WRITING TO ALLEN GINSBERG in October 1956 from one of his transits of Mexico, Jack Kerouac broke a rueful mood to declare:

Only good thing is I started to paint — I use house paint mixed with glue. I use brush and fingertip both, in a few years I can be topflight painter if I want — maybe then I can sell paintings and buy a piano and compose music too — for life is a bore.

Within a few years, Kerouac was producing a range of oils, watercolors, and pencil sketches — all contained in this fascinating and treasurable volume.

Kerouac: Beat Painting is the catalog of an exhibition mounted, between December 2017 and April 2018, at the MAGA Gallery at Gallarate in northern Italy. While it was by no means the first show of visual art by the Beat writers, it did open a revelatory new door on the aspirations of Kerouac during a key period in his career. Having experienced some light training at Dody Muller’s studio in New York, he displays in many of the best works collected here an expressionist sensibility reminiscent of Willem de Kooning, as well as a Post-Impressionist recourse to vivid improbabilities of color. In short, Kerouac the painter turns out to be every bit as interesting as Kerouac the writer.

A set of oil portraits forms the startling introduction. The high domed head and riveting gaze of Cardinal Giovanni Montini, the future Pope Paul VI (after a photograph in Life magazine), has the autocratic weight of a Velázquez pontiff. The painting is a study in ecclesial crimson, in which the dangled black cappello and the pectoral cross compete for attention with the piercing blue of the apprising eyes and the tomb-like yellow of the brow. In another portrait, Truman Capote, who famously dismissed Kerouac’s compositional technique as mere “typing,” is rewarded for his vitriol with a violent Vorticist swirl of muddy pigment that seems to hint at the famous photograph by Roger Higgins in which Capote clutches his over-exposed face. By contrast, William Burroughs is instantly recognizable, oiled in dense impasto profile in his fedora, a hook of sodium-yellow outlining the black dilated lake of one eye, and again in a pastel line drawing that traces the fellow writer’s bespectacled visage from sparse, disordered hair to pointy chin.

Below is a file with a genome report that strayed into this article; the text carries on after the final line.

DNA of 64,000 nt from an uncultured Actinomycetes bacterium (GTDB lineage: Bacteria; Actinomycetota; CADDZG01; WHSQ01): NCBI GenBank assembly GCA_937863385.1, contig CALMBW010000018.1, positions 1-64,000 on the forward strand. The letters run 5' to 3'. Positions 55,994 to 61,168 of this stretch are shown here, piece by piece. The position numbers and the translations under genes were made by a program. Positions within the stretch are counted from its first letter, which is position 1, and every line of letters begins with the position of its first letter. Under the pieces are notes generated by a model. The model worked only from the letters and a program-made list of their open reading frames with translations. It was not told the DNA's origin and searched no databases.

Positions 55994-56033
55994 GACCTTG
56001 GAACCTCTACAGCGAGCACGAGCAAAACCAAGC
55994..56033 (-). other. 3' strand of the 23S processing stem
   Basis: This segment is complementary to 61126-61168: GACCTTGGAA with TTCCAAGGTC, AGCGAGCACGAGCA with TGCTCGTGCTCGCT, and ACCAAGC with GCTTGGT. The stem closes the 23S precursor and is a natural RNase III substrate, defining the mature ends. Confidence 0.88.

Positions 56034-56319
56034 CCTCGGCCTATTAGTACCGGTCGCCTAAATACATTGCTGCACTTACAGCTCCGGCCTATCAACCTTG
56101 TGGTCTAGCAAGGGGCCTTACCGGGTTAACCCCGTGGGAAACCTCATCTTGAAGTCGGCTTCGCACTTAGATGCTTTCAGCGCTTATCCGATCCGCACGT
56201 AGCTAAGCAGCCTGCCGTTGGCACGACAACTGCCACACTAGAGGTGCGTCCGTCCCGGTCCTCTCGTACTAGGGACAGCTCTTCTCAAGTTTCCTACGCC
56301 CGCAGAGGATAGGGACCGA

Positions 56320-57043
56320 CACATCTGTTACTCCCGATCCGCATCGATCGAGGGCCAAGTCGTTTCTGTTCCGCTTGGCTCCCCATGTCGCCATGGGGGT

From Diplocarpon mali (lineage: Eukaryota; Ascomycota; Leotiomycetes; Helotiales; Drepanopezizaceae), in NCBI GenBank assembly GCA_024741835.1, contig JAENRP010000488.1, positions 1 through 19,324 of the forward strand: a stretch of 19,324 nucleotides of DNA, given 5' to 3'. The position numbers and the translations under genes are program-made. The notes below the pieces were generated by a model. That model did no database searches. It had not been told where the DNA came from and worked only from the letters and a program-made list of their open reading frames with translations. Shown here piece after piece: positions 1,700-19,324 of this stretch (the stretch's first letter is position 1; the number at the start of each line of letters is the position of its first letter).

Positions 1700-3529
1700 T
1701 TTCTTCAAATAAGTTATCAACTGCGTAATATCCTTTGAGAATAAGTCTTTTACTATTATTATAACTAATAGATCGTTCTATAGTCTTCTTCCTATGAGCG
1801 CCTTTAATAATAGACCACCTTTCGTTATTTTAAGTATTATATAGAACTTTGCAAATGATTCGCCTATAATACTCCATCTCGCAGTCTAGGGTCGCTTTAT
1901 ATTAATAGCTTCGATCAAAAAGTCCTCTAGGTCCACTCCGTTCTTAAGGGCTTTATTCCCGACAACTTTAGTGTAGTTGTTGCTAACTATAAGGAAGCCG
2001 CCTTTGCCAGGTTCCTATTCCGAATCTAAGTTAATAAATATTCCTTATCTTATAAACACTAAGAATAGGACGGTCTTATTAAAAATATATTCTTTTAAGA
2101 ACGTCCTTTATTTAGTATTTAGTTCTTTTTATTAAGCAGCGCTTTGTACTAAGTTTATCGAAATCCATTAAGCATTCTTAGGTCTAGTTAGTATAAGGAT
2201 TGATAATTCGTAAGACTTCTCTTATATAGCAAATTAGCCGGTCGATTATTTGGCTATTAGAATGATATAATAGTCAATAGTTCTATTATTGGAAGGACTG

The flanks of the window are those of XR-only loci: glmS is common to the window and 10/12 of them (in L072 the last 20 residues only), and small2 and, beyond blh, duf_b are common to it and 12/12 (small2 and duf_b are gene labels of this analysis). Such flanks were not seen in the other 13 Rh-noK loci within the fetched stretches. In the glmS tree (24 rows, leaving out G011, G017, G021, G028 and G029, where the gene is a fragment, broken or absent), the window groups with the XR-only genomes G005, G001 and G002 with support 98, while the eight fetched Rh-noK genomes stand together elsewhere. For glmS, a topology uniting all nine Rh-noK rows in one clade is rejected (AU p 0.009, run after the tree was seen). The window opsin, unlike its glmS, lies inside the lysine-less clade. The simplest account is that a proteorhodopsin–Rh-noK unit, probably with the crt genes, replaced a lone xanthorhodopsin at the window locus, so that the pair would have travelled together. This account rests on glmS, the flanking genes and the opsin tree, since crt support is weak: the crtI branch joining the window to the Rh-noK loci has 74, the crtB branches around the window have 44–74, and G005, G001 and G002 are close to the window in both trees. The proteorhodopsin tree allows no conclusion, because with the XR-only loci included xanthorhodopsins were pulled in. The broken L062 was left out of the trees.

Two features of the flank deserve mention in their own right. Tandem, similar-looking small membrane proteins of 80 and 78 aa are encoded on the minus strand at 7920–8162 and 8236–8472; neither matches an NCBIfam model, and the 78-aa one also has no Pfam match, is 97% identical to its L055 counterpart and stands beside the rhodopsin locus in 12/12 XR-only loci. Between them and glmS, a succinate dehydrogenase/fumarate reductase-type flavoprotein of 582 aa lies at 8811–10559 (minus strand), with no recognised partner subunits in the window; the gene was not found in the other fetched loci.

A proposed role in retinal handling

Woman in Blue with Black Hat offers a Matissean monument to the chance occurrence, recorded at length in Visions of Cody (1972), through which Kerouac and Neal Cassady stumbled onto the film set of David Miller’s noir masterpiece Sudden Fear (1952), starring Jack Palance and Joan Crawford, the portrait’s subject. The actress is depicted in cornflower blue in classic Hollywood contrapposto, one eye obscured by a millinery creation akin to Cardinal Montini’s cappello, black-gloved hand at hip, the other preparing to jam a cigarette into the glutinous scarlet oblong of that never less than terrifying mouth.